“Oh, he’s a fantastic batsman,” said Dr. Ali Bacher, as Virat Kohli brought up his half-century on an enthralling opening day at The Wanderers in Johannesburg. Bacher captained Graeme Pollock and Barry Richards, and watched Sunil Gavaskar, Viv Richards, Greg Chappell and many others. He knows a thing or two about batsmanship, especially in these conditions.
On a day when many queried Kohli’s decision to bat first on a well-grassed pitch, Bacher was emphatic in his support for the decision. “Your captain has made the right call,” he said. “I’ve spent my whole life here, and I can tell you that the pitch quickens up on days two and three. With rain around, and low-hanging clouds likely, India could do serious damage with the ball if they get their lengths right.”
That was exactly what happened 11 years ago, when the batsmen ground out 249 tough runs before Sreesanth and Zaheer Khan took centre stage under overcast skies. The result? South Africa skittled for just 84, with Sreesanth taking 5 for 40 in an immaculate display of upright-seam bowling.
India could have put up a similar sort of total on day one here if some of the batsmen had shown similar application. Murali Vijay fell to another awful stroke, as did Parthiv Patel and Hardik Pandya. The lower middle-order undid all the sterling work done by Kohli and Cheteshwar Pujara, whose 84-run stand was reminiscent of the 69 that Sachin Tendulkar and Rahul Dravid added in 2006.
But the Long Room, where I was fortunate to spend most of the day, was about far more than just the cricket being played on the field. This is where South African cricket’s movers and shakers were gathered, to discuss issues ranging from the disastrous and aborted launch of the Global Cricket League, to the transformation policies that have seen talent like Lungi Ngidi come through.
Kagiso Rabada’s father was there, chest spread with pride as his son finished the innings with 3 for 39. Ngidi’s parents, watching their son play for his country for the first time, weren’t, having failed to meet the Long Room’s stringent dress code. They enjoyed themselves regardless, with the camera panning to their celebrations and smiles of joy soon after Ngidi snagged the big fish, Kohli.
And it wasn’t just cricket either. Lucas Radebe, once of Kazier Chiefs and Leeds United, was there, talking passionately about South African football’s decline, and how it could be halted. “We started off playing on gravel [in Soweto],” he said. “What we did have was the passion, the love for the game. There’s no substitute for that.”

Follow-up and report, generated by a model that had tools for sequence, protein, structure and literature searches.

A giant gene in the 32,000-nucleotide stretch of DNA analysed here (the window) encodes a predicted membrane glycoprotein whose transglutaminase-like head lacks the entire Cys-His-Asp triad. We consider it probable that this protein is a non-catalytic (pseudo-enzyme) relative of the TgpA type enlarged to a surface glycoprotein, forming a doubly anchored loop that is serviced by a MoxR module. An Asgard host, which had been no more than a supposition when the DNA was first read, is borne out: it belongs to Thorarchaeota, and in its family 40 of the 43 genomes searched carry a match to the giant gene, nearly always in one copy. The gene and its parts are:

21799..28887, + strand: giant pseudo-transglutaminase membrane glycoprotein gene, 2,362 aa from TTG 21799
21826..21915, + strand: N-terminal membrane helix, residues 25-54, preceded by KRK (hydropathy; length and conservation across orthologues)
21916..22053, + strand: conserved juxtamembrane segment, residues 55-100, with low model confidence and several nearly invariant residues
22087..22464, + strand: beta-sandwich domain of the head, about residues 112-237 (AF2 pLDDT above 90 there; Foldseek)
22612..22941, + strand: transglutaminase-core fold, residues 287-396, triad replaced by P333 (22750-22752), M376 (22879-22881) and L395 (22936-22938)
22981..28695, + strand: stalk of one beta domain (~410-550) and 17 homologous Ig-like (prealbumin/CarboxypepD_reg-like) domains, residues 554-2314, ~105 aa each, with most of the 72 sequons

Fatima Habib, one of the Gauteng Cricket Board (GCB) directors, spoke eloquently about transformation, and the need for social attitudes to change. The emergence of Rabada and Ngidi has been encouraging, but in her own words, “We have so much further to go.”
Currently, each South African franchise must field a minimum of six players of colour, and at least three of them must be black Africans. Gauteng has seen an exodus of black players to other franchises, and its transformation record is now an example for others to follow. But it isn’t just on the field that change is needed. Gordon Templeton, formerly on the GCB’s board of directors, says that it needs to happen in the boardrooms and coaching positions as well.
As Graeme Pollock held court with half a dozen Indian journalists through the course of the afternoon, Habib and I spoke about Sulaiman ‘Dik’ Abed, who died in the Netherlands last week. A giant of the Coloured cricket scene in the 1960s, Abed was also a legend in league cricket circles in England. But because of apartheid, he never even got to play a first-class game in his homeland.
Countless books and articles have been written about the ‘tragic’ manner in which the careers of Pollock and Richards were cut short by South Africa being banned from the international arena. But these are men with an identity, individuals whose feats will never be forgotten as long as the game is played. For those like Abed, who weren’t even allowed on the fringes, there is no such immortality. That is the real tragedy.